Monday, November 19, 2007

California to sue Mattel, Toys R Us

Finally some action against toy makers who sold toys with lead levels in their paint beyond permissible levels. Until now, most of the toy makers recalled the toxic products, offered a refund, and generally gave the impression that they thought that their duty to the consumer was over. The new measure proposed may however not be enough.

The California attorney general and Los Angeles city attorney said they would file a lawsuit today against Mattel Inc., Toys R Us Inc. and 18 other companies, accusing them of making or selling products that contain "unlawful quantities of lead", according to this report in the Los Angeles Times.

The moves in California comes even as toys made in the US are facing a strong revival, according to this report by AFP.

The suit, to be filed in Alameda County Superior Court under California's Proposition 65 law, would force manufacturers and retailers to adopt procedures for inspecting products to make sure they are safe, according to the report. Barring that, they would be required to warn consumers that the items contained chemicals known to cause cancer or birth defects, it added.

The move does not however contain stiff penalties for toy manufacturers many of whom have already cut corners to cut costs, including not monitoring adequately their Chinese operations and their suppliers.

Not unexpectedly, Mattel, the lead defendant in the lawsuit, said it welcomed the attorney general's involvement and added that it would be helpful for the entire toy industry, according to the report in the Los Angeles Times.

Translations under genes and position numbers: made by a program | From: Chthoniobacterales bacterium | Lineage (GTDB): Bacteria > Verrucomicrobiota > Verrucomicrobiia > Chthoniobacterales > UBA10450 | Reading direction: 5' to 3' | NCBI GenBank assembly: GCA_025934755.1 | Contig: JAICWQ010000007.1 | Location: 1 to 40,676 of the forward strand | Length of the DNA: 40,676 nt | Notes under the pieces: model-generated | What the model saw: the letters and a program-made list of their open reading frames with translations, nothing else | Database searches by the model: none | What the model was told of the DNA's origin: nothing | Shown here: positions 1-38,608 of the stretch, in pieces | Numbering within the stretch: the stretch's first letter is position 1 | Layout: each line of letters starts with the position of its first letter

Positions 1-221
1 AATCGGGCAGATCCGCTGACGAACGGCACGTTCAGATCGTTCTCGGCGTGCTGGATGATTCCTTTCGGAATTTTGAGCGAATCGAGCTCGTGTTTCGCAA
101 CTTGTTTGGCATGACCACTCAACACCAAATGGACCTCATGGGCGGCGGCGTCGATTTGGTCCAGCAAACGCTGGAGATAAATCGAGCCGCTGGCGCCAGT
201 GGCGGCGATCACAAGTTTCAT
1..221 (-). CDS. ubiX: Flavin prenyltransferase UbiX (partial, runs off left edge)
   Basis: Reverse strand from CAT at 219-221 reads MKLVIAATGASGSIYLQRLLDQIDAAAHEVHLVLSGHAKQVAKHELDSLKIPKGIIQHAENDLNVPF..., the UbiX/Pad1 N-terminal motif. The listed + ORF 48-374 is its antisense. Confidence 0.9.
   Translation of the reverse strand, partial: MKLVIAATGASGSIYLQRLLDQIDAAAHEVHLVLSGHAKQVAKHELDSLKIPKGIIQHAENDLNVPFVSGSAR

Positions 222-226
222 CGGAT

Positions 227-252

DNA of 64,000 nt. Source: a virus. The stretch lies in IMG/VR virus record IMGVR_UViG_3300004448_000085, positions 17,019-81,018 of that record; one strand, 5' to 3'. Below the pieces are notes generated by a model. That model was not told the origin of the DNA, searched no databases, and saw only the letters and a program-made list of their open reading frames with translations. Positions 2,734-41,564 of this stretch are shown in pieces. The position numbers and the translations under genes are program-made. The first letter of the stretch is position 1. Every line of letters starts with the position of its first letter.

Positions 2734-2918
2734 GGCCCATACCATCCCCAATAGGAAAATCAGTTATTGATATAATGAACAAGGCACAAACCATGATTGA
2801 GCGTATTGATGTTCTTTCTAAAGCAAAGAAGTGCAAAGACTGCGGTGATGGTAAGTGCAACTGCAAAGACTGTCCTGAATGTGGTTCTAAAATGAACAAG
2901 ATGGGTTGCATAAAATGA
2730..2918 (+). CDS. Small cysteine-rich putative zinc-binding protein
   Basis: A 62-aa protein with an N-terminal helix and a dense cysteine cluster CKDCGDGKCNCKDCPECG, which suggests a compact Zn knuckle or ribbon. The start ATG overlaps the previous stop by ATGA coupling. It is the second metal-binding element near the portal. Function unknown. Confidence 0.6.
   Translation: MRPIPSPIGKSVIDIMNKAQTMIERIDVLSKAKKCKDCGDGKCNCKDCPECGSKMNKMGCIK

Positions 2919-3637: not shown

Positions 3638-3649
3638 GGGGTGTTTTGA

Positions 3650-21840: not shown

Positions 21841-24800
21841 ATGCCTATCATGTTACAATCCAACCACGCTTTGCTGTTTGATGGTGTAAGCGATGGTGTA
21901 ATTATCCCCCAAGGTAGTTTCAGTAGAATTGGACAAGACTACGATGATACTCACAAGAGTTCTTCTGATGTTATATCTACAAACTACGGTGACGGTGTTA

If the California proposal moves forward in its current form, toy companies will not be under any threat or penalty to make sure their procedures are fool-proof across their supply chain. There is nothing to prevent them from making promises, and continue their delinquency. The state of California is ill-equipped to monitor the toy makers’ supply chain right up to Chinese suppliers to ensure that procedures are followed.

Passing the buck from manufacturers to retailers will also not help. The retailer does not contribute in contaminating the paint on a product.

Rather than go ahead with this measure, that seems more populist than designed to help users, the states in the US and the federal government should work on a proposal to give the U.S. Consumer Product Safety Commission in Washington more teeth. Currently most of the recalls have been voluntary. The CPSC should be given the funds and the powers to check toys and order their recall.

It is nice to know that Mattel and Co. want to improve their procedures, but users will be happier to know that the end product is being actually checked.

Related article:

Chinese toy recalls - does anybody care ?

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